Anxiety disorders in children are quite common, according to the Anxiety Disorders Association of America. While periods of anxiety are normal for everyone, one out of every eight children suffer from feelings of anxiety strong enough to be classified as a disorder. These anxiety symptoms interfere with the child’s ability to function normally. For this reason, parents who suspect that their child might have an anxiety disorder should seek treatment as soon as possible.
Many symptoms of anxiety are the same, regardless of the specific type of anxiety disorder, while others are specific to type. Symptoms that are usually common to all children who suffer from anxiety disorders include fear of the unknown, intense shyness, a reluctance to go to school or socialize, and extreme worry. Some children also have trouble sleeping or manifest their anxious feelings in physical ways, such as stomach pain and headaches. Children with an anxiety disorder may also act negatively towards others and have low self-esteem. A few children even suffer panic attacks or selective mutism as a result of their anxiety.
Generalized anxiety disorder tends to affect school-aged children. These children worry constantly — and over just about anything — without a known cause. Children who suffer from obsessive-compulsive disorder suffer from unwanted worry and anxiety and deal with these negative thoughts by engaging in repetitive rituals. Separation anxiety disorder occurs when children are overly anxious about being separated from loved ones. These children may become obsessed with worry over something happening to someone they love. Phobias are also classified as an anxiety disorder. Phobias are defined as being extremely anxious and fearful about one particular thing, such as dogs or spiders. Other anxiety disorders include post-traumatic stress disorder, which is common in children who witness a traumatic event, and social anxiety disorder, which is when children suffer anxiety in social groups or situations.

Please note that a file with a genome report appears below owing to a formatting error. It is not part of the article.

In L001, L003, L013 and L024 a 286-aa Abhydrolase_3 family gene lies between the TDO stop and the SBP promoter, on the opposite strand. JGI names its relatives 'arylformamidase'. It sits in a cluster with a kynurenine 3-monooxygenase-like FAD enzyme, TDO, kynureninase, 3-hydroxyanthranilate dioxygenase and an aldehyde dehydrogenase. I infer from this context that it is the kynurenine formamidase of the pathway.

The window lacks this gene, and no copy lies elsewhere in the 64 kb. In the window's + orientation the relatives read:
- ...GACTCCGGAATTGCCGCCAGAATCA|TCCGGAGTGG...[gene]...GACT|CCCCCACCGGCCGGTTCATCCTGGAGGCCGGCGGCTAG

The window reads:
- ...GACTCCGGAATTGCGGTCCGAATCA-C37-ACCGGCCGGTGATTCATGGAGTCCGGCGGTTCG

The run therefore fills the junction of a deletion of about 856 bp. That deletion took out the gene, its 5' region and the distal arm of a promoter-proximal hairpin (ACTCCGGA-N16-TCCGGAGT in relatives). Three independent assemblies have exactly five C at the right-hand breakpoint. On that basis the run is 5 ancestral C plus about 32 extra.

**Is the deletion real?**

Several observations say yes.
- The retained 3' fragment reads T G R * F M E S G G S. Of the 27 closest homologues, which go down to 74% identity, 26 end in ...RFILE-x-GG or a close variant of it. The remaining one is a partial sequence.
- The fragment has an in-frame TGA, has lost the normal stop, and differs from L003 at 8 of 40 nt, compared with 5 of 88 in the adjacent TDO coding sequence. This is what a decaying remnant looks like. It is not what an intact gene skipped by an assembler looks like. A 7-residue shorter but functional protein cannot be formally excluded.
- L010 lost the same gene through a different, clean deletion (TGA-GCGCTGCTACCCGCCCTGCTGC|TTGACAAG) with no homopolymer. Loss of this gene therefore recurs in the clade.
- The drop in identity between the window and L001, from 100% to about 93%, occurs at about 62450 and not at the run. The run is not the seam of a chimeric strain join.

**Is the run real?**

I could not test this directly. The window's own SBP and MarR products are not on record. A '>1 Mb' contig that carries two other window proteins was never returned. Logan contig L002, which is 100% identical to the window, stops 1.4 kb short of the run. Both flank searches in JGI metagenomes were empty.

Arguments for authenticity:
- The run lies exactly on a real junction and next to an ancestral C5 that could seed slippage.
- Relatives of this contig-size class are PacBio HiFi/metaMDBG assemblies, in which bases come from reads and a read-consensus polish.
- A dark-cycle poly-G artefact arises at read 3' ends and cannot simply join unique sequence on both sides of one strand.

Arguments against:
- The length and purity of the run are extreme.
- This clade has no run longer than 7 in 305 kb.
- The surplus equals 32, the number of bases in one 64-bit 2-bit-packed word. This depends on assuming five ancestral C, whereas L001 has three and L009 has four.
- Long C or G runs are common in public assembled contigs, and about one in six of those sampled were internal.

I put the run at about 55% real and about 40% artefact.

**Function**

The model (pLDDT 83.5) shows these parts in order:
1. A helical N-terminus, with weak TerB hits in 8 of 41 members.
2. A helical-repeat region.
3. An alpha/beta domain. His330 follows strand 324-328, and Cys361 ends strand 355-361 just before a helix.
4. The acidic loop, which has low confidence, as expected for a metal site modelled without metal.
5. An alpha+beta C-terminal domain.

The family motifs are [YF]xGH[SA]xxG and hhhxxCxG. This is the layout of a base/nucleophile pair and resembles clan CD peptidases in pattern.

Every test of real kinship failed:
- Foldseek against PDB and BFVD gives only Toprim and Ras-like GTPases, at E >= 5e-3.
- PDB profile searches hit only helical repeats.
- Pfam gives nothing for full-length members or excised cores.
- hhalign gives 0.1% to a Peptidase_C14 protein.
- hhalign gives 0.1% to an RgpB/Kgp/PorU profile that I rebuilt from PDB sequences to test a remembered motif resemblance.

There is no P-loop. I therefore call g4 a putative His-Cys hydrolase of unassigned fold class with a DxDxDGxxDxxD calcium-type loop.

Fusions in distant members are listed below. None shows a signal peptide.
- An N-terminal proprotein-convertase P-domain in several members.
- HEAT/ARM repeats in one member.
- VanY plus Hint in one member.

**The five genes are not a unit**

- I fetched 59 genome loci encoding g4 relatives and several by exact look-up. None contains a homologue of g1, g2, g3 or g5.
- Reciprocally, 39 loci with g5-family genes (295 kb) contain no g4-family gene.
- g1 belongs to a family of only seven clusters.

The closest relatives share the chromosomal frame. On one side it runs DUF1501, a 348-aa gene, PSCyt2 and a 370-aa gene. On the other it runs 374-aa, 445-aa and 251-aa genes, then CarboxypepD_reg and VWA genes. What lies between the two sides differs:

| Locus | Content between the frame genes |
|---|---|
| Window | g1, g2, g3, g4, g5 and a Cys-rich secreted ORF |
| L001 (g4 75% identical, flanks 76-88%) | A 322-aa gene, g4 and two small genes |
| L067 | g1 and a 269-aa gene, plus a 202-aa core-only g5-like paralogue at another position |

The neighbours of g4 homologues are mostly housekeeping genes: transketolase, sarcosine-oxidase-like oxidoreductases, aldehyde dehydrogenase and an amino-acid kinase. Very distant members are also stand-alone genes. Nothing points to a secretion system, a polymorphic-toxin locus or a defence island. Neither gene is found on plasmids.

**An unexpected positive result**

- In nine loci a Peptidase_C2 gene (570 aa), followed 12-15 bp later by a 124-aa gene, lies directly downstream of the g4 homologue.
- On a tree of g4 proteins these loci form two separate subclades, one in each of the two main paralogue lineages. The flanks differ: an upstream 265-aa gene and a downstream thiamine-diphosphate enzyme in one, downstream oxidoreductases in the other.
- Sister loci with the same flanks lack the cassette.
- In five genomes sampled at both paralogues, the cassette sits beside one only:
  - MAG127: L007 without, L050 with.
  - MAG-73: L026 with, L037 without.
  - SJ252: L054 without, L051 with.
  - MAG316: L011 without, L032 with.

Anxiety disorders are often more common in a select age group. Separation anxiety, for example, is quite common in children ages 18 months to 3 years, but it is not classified as a disorder unless the child is between ages 4 and 7 and still suffering from the same feelings. Most children who are diagnosed with OCD are around the age of 10, according to the Anxiety Disorders Association of America. Children who suffer from selective mutism are usually between the ages of 4 and 8.
There is probably a genetic link to anxiety disorders, according to the Merck website, but there is also a behavioral link. Anxious parents usually have anxious children. In fact, this is so common that, often, the parents are treated right along with the child.
The most effective treatments for childhood anxiety are medication and cognitive-behavioral therapy, according to the Anxiety Disorders Association of America. The latter is usually attempted first, as most doctors and therapists are reluctant to medicate children unless absolutely necessary. The behavioral therapy usually focuses on gradually desensitizing the child to the things that are causing his anxiety.